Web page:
Extreme Weather News

GPM's GMI Measures Weakening Kong-Rey's Rainfall

GPM's GMI Measures Weakening Kong-Rey's Rainfall

The GPM core observatory passed above tropical storm Kong-Rey on October 5, 2018 at 0846 UTC. Kong-Rey was a powerful category five typhoon just a few days ago but increased vertical wind shear and cooler sea surface temperatures have caused the tropical cyclone to weaken dramatically. Tropical storm Kong-Rey had maximum sustained winds of about 55 kts (63 mph) when it was scanned by the satellite. GPM's Microwave Imager (GMI) data were used to gauge the intensity of precipitation around Kong-Rey's center of circulation. Energy observed through clouds by GMI's microwave channels was used to estimate precipitation within the tropical storm. Those measurements indicated the rain was still falling at a rate of greater than 68 mm (2.7 inches) per hour in strong convective storms north of Kong-Rey's center of circulation.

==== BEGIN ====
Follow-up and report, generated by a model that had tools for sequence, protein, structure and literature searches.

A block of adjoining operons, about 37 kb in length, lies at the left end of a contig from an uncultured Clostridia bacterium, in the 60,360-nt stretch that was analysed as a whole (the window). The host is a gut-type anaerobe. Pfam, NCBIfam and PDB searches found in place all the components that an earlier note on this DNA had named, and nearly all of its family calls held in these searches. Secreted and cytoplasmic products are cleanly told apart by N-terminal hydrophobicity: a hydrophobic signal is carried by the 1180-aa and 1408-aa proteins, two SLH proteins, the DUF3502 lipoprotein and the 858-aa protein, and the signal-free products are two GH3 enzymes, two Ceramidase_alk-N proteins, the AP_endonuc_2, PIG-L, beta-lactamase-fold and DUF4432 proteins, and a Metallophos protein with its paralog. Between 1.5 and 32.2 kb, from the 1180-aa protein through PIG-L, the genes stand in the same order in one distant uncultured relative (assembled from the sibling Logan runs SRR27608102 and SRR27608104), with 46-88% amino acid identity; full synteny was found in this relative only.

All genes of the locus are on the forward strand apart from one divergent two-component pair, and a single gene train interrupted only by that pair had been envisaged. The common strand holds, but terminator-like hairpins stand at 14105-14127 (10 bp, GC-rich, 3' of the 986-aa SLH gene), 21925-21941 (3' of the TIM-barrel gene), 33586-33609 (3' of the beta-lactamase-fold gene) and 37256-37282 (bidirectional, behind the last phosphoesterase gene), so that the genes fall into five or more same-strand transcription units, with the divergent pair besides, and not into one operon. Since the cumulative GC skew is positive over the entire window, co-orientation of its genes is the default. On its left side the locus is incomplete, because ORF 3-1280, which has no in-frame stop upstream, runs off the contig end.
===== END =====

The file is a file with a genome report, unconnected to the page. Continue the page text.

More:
The Joint Typhoon Warning Center (JTWC) predicts that Kong-Rey will gradually weaken as it moves quickly toward the northeast over the southern tip of South Korea. Kong-Rey's forward speed is expected to accelerate while moving over the sea Of Japan toward the Japanese island of Hokkaido. Kong-Rey is expected to transition to a extratropical low within the next couple days.

  • Images and caption by Hal Pierce (SSAI/NASA GSFC)